Monday, August 9, 2021

Not Even Not Traveling 2: Oklahoma and Arkansas Vacation, July 2021

Next Stop: Lake Eufaula

These yearly trips around the country started because my wife and I didn't have money when we got married. We couldn't travel to a fancy place for our honeymoon, so I promised to take us to all of the states in the union. Eventually.

For the first few years, I planned and drove us around in the manner to which I had become accustomed. That meant we did everything on the cheap, a step above hitchhiking. I made arrangements on the fly. We camped or slept in the car. When we got hotel rooms, they were the cheapest available. They came with free breakfast. Breakfasts meant stacks of free apples and bagels piled high, snuck into our backpacks, and saved for lunch or maybe dinner.

It has been more than two decades, now, and seven job promotions since we started. We can travel by plane. Diane long ago took over the planning. Even so, this year I was struck by how much of travel is still closed to us.

We can get near many places that are rich in natural wonders. Every state has them. Oklahoma is more lush in land and resources then we would have believed from reading about it or watching the news. But if you want to go out on a nearby lake in a boat, it is $5000 per day to rent a boat that holds ten people. So that's an experience we won't have. Most people won't. Lake Eufaula is a human made reservoir, a recent development in the scheme of things, but it is effectively off-limits to many of the local residents. The restriction is not a legal one but it is a factual one.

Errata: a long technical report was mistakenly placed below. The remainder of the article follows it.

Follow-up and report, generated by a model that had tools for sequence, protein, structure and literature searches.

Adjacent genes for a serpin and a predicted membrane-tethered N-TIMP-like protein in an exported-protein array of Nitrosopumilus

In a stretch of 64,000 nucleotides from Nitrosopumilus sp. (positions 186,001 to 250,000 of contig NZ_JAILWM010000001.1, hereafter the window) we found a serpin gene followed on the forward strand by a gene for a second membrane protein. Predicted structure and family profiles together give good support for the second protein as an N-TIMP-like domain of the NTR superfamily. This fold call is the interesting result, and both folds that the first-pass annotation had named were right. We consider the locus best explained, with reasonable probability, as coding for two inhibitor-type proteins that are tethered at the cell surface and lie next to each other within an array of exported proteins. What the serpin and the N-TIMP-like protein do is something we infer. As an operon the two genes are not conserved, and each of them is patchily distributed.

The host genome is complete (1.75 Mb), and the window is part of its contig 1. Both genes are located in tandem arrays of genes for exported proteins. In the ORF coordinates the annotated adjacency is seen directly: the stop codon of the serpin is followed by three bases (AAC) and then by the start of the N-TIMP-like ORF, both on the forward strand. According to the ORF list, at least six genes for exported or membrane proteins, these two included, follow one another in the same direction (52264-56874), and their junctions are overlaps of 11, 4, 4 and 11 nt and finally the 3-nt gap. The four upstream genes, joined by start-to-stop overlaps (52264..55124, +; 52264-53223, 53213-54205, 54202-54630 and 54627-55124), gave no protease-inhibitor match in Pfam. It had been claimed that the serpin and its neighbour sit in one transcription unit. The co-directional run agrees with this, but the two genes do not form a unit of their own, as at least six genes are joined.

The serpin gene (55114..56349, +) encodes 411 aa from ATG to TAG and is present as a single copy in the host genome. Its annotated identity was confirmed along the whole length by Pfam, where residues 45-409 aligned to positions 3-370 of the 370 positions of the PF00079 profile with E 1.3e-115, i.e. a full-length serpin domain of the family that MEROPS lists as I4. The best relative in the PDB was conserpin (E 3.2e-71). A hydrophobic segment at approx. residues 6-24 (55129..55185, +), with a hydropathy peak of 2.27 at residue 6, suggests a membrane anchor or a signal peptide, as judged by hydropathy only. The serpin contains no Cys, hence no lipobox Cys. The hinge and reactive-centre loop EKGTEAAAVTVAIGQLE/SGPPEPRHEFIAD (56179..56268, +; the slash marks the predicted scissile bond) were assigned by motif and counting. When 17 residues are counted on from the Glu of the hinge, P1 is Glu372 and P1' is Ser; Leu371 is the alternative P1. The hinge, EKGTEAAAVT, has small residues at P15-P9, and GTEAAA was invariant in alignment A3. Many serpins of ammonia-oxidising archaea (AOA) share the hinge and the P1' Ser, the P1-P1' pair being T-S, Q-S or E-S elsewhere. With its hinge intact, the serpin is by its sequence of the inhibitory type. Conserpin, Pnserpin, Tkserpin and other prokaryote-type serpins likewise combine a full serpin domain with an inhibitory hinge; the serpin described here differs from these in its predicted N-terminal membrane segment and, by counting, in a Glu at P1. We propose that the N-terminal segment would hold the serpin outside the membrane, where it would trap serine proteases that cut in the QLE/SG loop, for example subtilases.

Oklahoma has plenty of people who own farms or other mid-sized business. It's got a lot of descendants who didn't inherit farms or businesses, too. Those are the people you won't find on the lake.

"Well, you didn't like that one but the other is closed," my wife said as we looked for food in Eufaula.

"Wasn't there a third local place?" I asked.

It was hard to find anything but the cheapest of chain fast food restaurants. Oklahoma seems to be sort of a food desert. When we followed recommendations to local restaurants, either they weren't much good, had closed for the day, or they were closed forever. Closed forever was pretty common. We live in Frederick, which can spoil you for food options. Maybe we weren't making fair comparisons. But Sonic, McDonalds, and Taco Mayo were open in most towns and usually they had no local competition.

In this case, there was one local barbecue choice. It was a restaurant run by a woman who spent all day smoking not only brisket, pork, and chicken, but a couple of things that we haven’t had other places, turkey and bologna. The smoked bologna was more than half an inch thick. The taste was good although the texture was, well, odd. It made me think that you could smoke a block of tofu and get people to like it.

Smoked bologna is not for everyone. It was the last item left on my plate.

No comments:

Post a Comment